SQL: A Simple PHP/MySQL Master Detail Report

This tutorial is based on Project 4 of the SQL class.   It is of use to students in the Advanced Dreamweaver class as well.    In fact, a summary/detail report is a very common technique in using SQL database-driven applications.    I will be using the winery database created by an SQL student to create two linked webpage reports based on dynamic results from an SQL database.    Here is the schema.  Dreamweaver students can peek in on the SQL class pages to see how we arrived at this database and what the Project 4 assignment is.

Wine Sale MySQL database

The Master Page

  1. Create a new webpage named master.php with a table including a row of header information – branch, salesperson, total sales. Mysql page 11
  2. Insert a PHP script tag to start the program after the closing tr tag.   We are going to use the mysql() library. You can  follow the example on page 406 and 407 of the Learning MySQL textbook, using the mysql_connect, mysql_select_db, mysql_query and mysql_fetch_array.   You want to connect to the your mysql account and database of course, using localhost as the database server.
  3. You need to write an  SQL for the summary results for your report.   In the sample database, this one works well, as see in a MySQL Workbench scratchpad:sql query
  4. At this point, your webpage should work and return the same results into the HTML table on the page.     Here is the code, color-coded by Dreamweaver for easier legibility.  I am also displaying in Live View, so Dreamweaver displays the server-processed page.dreamweaver live view
  5. Notice that the mysql_fetch_array call uses the MYSQL_ASSOC result type, and that using the foreach loop lays the resulting data out neatly in the columns of the table.    By using this result type, we can refer to the resulting data elements individually and so wrap a query string link around the salesperson name.   To do so, we will decompose the result using the associative row array to get more control over laying the data into the HTML table:sql results
  6. The master.php is  complete.   Test the page through a browser and watch the link rollover to make sure the query string looks correct, although it won’t work yet.   We’re going to build that page now.

The Detail Page

  1. ‘Save As’ or duplicate the master.php page and rename it as detail.php.    Change the table header accordingly to show the four columns in the detail report: customer, variety, vintage, sale total
  2. Use MySQL Workbench to write the SQL query to return the detailed sales records from the sales database table.Replace the SQL statement in the mysql_query function.Thanks to this highly normalized database schema, I’ve developed a nice complex SQL query, using a sample salesperson name of Carlin just  for the test.sql query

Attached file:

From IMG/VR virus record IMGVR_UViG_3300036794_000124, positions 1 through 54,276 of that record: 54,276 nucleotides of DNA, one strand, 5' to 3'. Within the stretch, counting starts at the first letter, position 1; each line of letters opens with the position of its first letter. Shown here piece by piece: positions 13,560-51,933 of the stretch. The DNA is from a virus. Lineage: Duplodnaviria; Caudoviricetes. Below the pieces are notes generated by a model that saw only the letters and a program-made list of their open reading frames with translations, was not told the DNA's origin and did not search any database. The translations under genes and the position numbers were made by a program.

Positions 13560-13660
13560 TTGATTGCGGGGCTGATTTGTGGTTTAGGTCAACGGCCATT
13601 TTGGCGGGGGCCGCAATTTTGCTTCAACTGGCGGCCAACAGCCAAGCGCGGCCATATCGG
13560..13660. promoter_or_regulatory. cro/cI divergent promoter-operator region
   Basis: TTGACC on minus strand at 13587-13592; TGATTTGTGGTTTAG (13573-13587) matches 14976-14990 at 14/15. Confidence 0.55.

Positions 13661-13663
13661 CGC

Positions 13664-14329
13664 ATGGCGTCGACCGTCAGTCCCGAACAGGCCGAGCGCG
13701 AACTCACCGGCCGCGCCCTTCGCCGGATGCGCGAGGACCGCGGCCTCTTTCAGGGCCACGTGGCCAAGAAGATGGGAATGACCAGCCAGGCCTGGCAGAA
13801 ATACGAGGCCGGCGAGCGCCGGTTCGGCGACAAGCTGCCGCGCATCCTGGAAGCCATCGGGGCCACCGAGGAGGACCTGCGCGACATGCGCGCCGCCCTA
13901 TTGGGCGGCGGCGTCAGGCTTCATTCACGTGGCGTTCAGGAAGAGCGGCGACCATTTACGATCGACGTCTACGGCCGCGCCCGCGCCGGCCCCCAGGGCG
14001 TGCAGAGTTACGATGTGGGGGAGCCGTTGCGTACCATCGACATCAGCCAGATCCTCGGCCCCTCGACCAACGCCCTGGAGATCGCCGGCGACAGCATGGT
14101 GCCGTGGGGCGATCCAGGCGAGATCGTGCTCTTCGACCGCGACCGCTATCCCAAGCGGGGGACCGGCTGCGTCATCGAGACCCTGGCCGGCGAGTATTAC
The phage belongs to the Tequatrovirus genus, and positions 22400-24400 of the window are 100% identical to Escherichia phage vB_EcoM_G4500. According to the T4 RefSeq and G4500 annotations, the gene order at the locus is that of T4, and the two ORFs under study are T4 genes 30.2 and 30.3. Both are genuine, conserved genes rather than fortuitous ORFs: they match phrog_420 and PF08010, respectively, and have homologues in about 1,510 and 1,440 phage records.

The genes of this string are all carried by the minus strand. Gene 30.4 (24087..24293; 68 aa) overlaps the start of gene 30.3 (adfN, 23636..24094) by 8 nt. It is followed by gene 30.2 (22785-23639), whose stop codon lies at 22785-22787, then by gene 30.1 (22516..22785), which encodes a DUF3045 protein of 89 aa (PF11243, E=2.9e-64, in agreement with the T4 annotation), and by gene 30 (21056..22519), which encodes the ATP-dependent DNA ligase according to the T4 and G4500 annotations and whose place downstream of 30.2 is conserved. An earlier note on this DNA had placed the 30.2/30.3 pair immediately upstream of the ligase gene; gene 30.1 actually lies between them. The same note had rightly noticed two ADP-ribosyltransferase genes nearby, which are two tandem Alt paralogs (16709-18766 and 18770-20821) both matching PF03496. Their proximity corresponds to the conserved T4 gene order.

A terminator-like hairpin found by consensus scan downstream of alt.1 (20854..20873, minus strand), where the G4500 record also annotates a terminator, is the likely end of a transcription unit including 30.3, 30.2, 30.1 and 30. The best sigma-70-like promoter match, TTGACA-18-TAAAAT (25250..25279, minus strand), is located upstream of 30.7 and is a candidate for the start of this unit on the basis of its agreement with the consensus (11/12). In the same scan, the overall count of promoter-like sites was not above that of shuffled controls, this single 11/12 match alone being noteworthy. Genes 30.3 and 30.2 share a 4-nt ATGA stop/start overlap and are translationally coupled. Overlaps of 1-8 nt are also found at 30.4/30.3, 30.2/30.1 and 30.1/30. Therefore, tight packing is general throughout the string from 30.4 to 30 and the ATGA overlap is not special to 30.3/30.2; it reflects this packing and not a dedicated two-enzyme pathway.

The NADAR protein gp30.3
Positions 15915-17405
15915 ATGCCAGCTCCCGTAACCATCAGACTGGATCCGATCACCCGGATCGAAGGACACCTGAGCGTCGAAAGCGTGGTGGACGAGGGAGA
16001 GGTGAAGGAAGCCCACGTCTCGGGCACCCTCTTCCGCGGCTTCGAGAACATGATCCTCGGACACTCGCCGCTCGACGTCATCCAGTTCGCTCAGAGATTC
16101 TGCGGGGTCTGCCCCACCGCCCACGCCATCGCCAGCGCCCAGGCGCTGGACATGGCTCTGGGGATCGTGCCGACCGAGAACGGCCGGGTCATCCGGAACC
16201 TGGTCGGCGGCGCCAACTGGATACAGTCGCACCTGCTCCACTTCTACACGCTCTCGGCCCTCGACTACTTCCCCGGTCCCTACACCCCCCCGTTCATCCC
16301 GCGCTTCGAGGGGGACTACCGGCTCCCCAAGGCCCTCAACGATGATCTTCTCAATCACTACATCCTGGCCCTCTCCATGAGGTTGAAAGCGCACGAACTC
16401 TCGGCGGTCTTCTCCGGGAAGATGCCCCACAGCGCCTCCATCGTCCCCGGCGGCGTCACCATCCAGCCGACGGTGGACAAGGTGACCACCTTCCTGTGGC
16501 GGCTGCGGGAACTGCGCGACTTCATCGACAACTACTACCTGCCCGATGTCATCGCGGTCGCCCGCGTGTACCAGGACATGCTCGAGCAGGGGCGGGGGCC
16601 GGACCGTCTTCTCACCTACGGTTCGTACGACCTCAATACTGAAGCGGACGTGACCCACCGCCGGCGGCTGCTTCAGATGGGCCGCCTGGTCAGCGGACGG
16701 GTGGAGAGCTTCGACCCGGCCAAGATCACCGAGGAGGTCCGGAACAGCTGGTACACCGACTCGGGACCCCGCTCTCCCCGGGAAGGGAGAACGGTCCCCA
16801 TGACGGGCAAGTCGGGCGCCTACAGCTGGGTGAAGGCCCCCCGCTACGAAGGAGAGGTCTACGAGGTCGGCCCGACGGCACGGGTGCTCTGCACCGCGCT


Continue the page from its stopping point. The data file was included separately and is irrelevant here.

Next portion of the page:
3. The query string in the URL creates a PHP associative array of each name/value pair called $_GET[].  We can refer to the value by passing the associative name array.   Replace the ‘hardcoded’ string Carlin in the SQL query within the mysql_query function to this code: 
    p.personName = “{$_GET["salesperson"]}”

    That will insert the query string from the URL into the where statement of the SQL query to select the appropriate record based on the record clicked in the master report.
  4. Rearrange the code so the appropriate data elements are layed out in the table.  This should be pretty straightforward following the example in the master page.
  5. Change the page title and the h1 header to dynamically display the salesperson name from the query string in the URL.get array in php
  6. Add a link back the to summary master page below the table.
  7. Test the master page in a browser and click on a salesperson name.   The detail sales report for that salesperson should appear.

Download the code here.

3 comments for “SQL: A Simple PHP/MySQL Master Detail Report

  1. May 17, 2011 at 4:49 am

    Thanks. Very useful tutorial

  2. Brandon G
    May 25, 2011 at 7:18 pm

    Am I suppose to add data to the tables via mySQL? If so, I add the data only in the sales table. I’ve tried this and got an error. I think it might do with the date column, whats the right format for timestamp? This is very frustrating, I’ve been moving along so slow.

  3. Brandon G
    May 25, 2011 at 7:21 pm

    this is the error, PLEASE HELP

    ERROR 1064: You have an error in your SQL syntax; check the manual that corresponds to your MySQL server version for the right syntax to use near ‘Schmoe, Frank Pank, ”, Merlot)’ at line 1
    SQL Statement:
    INSERT INTO `bgiovann`.`sales` (`price`, `ton`, `idsalesperson`, `idcustomer`, `date`, `idVintage`) VALUES (59999, 235, Joe Schmoe, Frank Pank, ”, Merlot)

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